What if we go through life, wholeheartedly believing in one Truth, only to discover that there’s a way of being that we never knew existed?

I grew up in the stereotypical New Jersey suburb. I was fortunate to have a supportive family, went on to become a serious competitive dancer, and considered myself a high-achiever in all academics. I wore the words “ambitious” and “overachiever” like a badge of honor, priding myself on always giving 110% to everything I did.

The way I showed up during my adolescent and young adult years represented the fraction of myself that was validated by society, by my environment, by my peers, and by the ones I love. I fit perfectly into what was expected of me, which led me to feel secure and safe in being that version of myself. I didn’t know any differently or have a reason to believe there was any other way to be. This was my reality.

“You don’t know what you don’t know.”

As Steve Jobs once said, “You can only connect the dots backwards.” Only in hindsight did I realize that those qualities I wore with pride were the very things that lead me to my “Phoenix Moment.” The moment where I deteriorated to ashes, but ultimately to emerge as the most whole, renewed, revived version of my authentic self.

Rock Bottom

Junior year of my collegiate career, I tore my labrum in my right hip. As a dance major and a dance team member, consumed by fear of who I’d be without the very thing that defined me, I chose to push through the pain for the next two full years of my college dance career. And so began my disintegration to ash.

My physical pain soon became the axis around which my entire life revolved. While my body broke down, my mind gripped onto any ounce of control it could. And my health, self-worth, and relationships all began to deteriorate along with my body.

When I graduated and my injury was properly diagnosed, I opted for surgery thinking that it would “fix” everything so I could go back to living my reality. But no less than 6 years later, I still battled with debilitating chronic pain and I had no idea what to do.

When my pain didn’t resolve after surgery, I looked outside myself for any and all solutions. I tried everything I knew of to heal myself: acupuncture, acupressure, chiropractic adjustments, physical therapy, massage therapy, pain management doctors, trigger point therapy, multiple cortisone injections, marcaine injections, cupping, dry needling, nerve blocks, resting, progressive strengthening…

…and nothing made a long-term difference. I couldn’t understand how I was in my early 20s, young and healthy, and yet my physical pain somehow wouldn’t heal in the hands of the medical system we learn to trust wholeheartedly.

Phoenix Rising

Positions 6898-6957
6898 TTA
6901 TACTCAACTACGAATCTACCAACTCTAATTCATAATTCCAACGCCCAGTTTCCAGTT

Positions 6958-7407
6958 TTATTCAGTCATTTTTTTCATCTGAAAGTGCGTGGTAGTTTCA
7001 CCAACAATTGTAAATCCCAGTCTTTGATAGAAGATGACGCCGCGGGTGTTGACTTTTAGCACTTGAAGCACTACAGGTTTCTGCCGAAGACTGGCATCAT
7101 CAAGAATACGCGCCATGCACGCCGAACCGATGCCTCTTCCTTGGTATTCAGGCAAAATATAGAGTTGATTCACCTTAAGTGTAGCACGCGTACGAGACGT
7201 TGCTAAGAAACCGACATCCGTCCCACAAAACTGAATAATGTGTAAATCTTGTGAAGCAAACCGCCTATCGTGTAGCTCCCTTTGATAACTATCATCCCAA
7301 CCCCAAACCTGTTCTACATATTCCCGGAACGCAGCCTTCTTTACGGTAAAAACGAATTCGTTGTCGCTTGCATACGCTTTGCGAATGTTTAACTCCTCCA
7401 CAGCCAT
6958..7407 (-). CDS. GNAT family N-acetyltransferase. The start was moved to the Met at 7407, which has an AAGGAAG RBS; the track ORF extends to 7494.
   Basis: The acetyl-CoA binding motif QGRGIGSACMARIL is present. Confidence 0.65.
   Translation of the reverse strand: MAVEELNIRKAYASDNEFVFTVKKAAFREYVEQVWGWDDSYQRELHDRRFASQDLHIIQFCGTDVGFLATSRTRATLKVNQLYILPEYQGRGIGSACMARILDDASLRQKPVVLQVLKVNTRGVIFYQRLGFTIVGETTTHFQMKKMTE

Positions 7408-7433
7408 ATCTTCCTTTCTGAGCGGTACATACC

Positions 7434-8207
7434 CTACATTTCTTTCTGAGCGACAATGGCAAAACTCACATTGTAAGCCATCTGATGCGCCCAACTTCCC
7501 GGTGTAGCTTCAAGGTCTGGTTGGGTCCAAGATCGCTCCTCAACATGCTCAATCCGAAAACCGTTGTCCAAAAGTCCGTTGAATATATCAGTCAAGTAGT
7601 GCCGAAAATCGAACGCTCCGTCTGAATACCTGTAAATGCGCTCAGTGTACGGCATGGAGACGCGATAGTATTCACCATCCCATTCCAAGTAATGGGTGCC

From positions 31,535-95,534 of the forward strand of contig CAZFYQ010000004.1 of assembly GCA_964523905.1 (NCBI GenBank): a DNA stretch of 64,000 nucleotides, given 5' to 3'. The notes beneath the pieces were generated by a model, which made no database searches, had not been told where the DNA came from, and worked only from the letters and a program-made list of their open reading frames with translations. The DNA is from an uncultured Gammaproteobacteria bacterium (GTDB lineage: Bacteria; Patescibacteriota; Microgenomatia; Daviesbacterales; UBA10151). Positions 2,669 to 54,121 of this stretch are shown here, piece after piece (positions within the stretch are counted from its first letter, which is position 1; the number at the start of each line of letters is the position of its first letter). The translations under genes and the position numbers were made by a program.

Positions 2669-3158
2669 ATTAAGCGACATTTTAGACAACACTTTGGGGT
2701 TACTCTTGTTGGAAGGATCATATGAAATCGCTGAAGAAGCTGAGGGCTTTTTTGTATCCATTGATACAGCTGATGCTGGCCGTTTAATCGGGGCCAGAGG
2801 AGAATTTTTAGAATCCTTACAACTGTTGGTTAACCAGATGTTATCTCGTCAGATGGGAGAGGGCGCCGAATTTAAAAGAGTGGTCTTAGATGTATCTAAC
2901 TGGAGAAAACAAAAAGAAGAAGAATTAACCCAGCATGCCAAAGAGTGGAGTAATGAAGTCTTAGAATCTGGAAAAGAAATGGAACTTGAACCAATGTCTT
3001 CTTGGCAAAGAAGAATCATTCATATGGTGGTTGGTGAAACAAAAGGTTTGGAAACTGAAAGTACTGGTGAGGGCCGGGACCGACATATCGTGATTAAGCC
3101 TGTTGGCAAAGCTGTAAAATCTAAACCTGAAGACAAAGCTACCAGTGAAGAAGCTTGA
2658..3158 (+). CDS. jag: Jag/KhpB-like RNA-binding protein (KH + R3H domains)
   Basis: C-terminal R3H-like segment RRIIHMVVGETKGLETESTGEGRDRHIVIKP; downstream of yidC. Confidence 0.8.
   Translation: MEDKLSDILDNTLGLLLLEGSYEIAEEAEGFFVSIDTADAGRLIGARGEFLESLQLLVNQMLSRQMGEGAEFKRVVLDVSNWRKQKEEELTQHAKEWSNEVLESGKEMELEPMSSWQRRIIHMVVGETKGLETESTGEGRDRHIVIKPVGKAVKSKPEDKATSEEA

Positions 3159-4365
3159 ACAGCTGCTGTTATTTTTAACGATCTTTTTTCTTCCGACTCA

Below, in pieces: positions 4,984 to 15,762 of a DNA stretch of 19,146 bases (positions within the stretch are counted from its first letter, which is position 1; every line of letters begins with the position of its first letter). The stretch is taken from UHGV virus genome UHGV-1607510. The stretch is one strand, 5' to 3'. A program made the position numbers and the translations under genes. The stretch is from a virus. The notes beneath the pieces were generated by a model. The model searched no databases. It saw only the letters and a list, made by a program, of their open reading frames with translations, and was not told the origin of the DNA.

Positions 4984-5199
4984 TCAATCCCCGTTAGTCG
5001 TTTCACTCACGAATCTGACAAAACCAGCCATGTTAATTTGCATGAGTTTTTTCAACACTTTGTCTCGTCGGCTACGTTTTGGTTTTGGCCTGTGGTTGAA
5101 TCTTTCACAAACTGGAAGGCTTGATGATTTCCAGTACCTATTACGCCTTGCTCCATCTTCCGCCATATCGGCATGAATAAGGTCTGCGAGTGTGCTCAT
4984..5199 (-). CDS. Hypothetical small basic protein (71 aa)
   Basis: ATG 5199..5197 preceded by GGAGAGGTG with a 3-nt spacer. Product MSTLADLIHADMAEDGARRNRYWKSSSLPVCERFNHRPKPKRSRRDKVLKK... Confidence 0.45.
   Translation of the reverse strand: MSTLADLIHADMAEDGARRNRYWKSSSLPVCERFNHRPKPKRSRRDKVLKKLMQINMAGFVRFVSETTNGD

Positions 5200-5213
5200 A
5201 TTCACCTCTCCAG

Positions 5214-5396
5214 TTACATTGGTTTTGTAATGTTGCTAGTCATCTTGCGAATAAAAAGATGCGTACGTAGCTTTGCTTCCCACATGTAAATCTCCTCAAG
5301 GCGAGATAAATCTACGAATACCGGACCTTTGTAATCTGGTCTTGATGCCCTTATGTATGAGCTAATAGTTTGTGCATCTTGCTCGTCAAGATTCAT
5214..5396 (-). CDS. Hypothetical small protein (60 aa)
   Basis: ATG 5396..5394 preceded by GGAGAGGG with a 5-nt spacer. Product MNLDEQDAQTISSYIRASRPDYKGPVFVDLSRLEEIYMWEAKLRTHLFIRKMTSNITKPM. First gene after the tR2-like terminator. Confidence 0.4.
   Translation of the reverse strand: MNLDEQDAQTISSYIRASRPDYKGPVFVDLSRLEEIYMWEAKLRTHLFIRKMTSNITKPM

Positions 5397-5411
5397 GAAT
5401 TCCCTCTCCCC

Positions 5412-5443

Hitting rock bottom seems to be full of only suffering, but what if it’s divinely orchestrated to disrupt the pattern we’re living in and redirect our path to reconnect with the core of who we are?

Six years later, I decided I could no longer live with my life on pause. This time, I sought out the only option I hadn’t considered yet: talk therapy.

Therapy was the only option I tried on my path to healing that redirected my efforts from seeking solutions outside of myself to looking inward. And to my surprise, talking to a psychologist was the catalyst that sparked everything in my life to change.

This was the first step in my inner journey of transformation that lead me to become 100% pain free within just one year.

Life-Changing (literally) Takeaways


There are two causes of transformation:

  1. Pain
  2. Insight gained over time

Pain — both physical or emotional — can be sudden and disruptive. It challenges us to look inward and find a deeper understanding of our reality. Hitting rock bottom seems to be full of only suffering, but what if it’s divinely orchestrated to disrupt the pattern we’re living in and redirect our path to reconnect with the core of who we are? Most “awakenings” that lead to reconnection with one’s purpose come after a disorienting dilemma that sets a person on the path to becoming a more resilient, embodied version of their authentic self.


Like Arianna Huffington came to realize when her health and well-being caved in, our mental and physical wellness is inextricably connected. Our subconscious mind holds our unique, internal structure of beliefs about who we are, what our life should look like, and what is possible for us.

The subconscious mind runs on autopilot, so we’re projecting from mostly unconscious beliefs that control our thoughts, emotions, behaviors, actions, and results. Reprogramming our subconscious mind not only gets to the root of what’s reinforcing our unsustainable behaviors, but also recodes our physiology. We have the power to become our own self-healers.


In looking back on my experience of pushing my body past its limits, I found that I had been slowly chipping away at my health and self-care over time in exchange for hustle and burnout.

Wellness is the integration of heightened self-awareness and shifted beliefs into consistent, daily action so we can unshackle ourselves and be free to live the life we deserve through sustainable lifestyle change.

One lesson I learned from Vishen Lakhiani, founder of Mindvalley, is the importance of turning our suffering into a superpower. My rock bottom taught me not to aim for perfectionism and higher standards to feel worthy, but rather break out of the mold of societal expectations to embrace true health and wellness through owning who I am and what I feel called to do. From what I can tell, it doesn’t get any closer to freedom than that.